Background: Cell-Dyn automated blood cell analyzers use laser flow cytometry technology, allowing detection of malaria pigment (hemozoin) in monocytes. We evaluated the value of such an instrument to diagnose malaria in febrile travelers returning to Berlin, Germany, the relation between the instrument's performance and the patients' immune status, and the capacity to increase its sensitivity.
Methods: Malaria diagnosis was routinely established by thick-film microscopy. The patients' immune status was determined by an indirect fluorescent antibody test. Hemozoin detection was performed with a Cell-Dyn 3000. To assess the capacity for sensitivity increase, the relative frequencies of pigment-containing monocytes were determined for a subgroup of patients with the Cell-Dyn 3000 in comparison with a flow cytometer specifically adapted to rare-event analysis.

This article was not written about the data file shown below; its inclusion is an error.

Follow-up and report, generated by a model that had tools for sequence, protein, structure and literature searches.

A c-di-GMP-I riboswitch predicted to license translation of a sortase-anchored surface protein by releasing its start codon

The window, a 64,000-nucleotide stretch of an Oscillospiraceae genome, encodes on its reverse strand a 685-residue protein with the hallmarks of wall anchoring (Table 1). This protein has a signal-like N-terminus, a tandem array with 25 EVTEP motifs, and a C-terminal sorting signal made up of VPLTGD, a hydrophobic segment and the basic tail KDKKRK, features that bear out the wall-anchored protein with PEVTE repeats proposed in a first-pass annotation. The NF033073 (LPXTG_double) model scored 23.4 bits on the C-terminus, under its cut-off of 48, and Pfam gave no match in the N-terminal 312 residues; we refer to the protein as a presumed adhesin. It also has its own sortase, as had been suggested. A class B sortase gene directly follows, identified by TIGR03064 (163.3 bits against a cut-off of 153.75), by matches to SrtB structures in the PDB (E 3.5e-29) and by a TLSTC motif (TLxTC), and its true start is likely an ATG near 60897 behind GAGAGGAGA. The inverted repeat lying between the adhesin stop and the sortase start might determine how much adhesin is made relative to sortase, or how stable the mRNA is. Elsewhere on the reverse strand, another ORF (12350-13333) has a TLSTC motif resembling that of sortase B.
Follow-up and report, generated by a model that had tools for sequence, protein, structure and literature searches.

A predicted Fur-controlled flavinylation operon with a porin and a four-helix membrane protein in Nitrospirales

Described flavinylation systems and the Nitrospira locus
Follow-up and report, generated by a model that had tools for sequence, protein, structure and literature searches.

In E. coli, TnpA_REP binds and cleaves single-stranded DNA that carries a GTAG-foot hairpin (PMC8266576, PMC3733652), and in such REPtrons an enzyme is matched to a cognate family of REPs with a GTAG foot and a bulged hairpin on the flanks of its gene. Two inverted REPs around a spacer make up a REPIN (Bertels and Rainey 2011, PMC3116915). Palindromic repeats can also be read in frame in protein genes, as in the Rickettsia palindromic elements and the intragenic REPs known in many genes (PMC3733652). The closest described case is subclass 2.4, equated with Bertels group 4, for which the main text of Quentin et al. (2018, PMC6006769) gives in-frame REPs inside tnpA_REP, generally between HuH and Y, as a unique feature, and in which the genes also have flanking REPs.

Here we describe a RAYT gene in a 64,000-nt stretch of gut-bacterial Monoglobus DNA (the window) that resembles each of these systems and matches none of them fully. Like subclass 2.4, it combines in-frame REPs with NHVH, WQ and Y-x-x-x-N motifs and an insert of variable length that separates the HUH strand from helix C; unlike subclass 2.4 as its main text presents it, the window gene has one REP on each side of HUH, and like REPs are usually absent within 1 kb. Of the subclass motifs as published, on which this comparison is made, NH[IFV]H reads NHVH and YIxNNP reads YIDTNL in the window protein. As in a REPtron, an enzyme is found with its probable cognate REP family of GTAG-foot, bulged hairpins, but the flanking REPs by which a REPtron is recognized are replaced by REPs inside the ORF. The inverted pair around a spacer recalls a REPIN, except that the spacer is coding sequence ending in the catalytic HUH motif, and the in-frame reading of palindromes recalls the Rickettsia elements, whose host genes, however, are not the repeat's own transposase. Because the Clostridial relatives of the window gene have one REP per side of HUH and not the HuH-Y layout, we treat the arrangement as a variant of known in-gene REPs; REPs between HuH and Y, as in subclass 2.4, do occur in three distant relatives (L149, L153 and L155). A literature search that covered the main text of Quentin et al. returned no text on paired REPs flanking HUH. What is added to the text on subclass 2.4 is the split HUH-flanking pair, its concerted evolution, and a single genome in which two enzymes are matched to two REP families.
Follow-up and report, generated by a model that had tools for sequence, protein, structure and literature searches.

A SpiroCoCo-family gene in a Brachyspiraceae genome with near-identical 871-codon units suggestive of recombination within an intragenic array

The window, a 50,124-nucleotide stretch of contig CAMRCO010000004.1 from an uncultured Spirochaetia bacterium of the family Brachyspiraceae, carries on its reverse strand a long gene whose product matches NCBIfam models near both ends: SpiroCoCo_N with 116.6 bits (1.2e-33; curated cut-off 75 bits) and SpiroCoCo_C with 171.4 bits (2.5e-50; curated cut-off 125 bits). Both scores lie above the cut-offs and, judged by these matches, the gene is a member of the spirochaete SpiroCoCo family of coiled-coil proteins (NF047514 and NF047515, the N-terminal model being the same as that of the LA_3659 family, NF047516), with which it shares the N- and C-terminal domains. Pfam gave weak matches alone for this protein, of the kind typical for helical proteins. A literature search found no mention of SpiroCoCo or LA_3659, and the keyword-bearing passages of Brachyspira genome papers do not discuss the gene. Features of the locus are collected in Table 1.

Results: Of 403 patients screened microscopically, 107 had malaria. Overall sensitivity with the Cell-Dyn 3000 reached 48.6% (73.7% in semi-immune and 28.6% in nonimmune individuals; P < 0.0001). Specificity was 96.2%. The detection limit was at a relative concentration of 2 x 10(-4) pigment-containing monocytes (PCMs). By employing rare-event flow cytometry, the detection limit decreased to 3.25 x 10(-5), thus yielding a considerably increased sensitivity for the subgroup studied.
Conclusions: The correlation between immune status and relative concentration of PCMs explains the failure of the routine instrument for nonimmune patients and its significantly higher sensitivity for semi-immune individuals. The technique can be significantly improved by rare-event flow cytometry.
Copyright 2003 Wiley-Liss, Inc.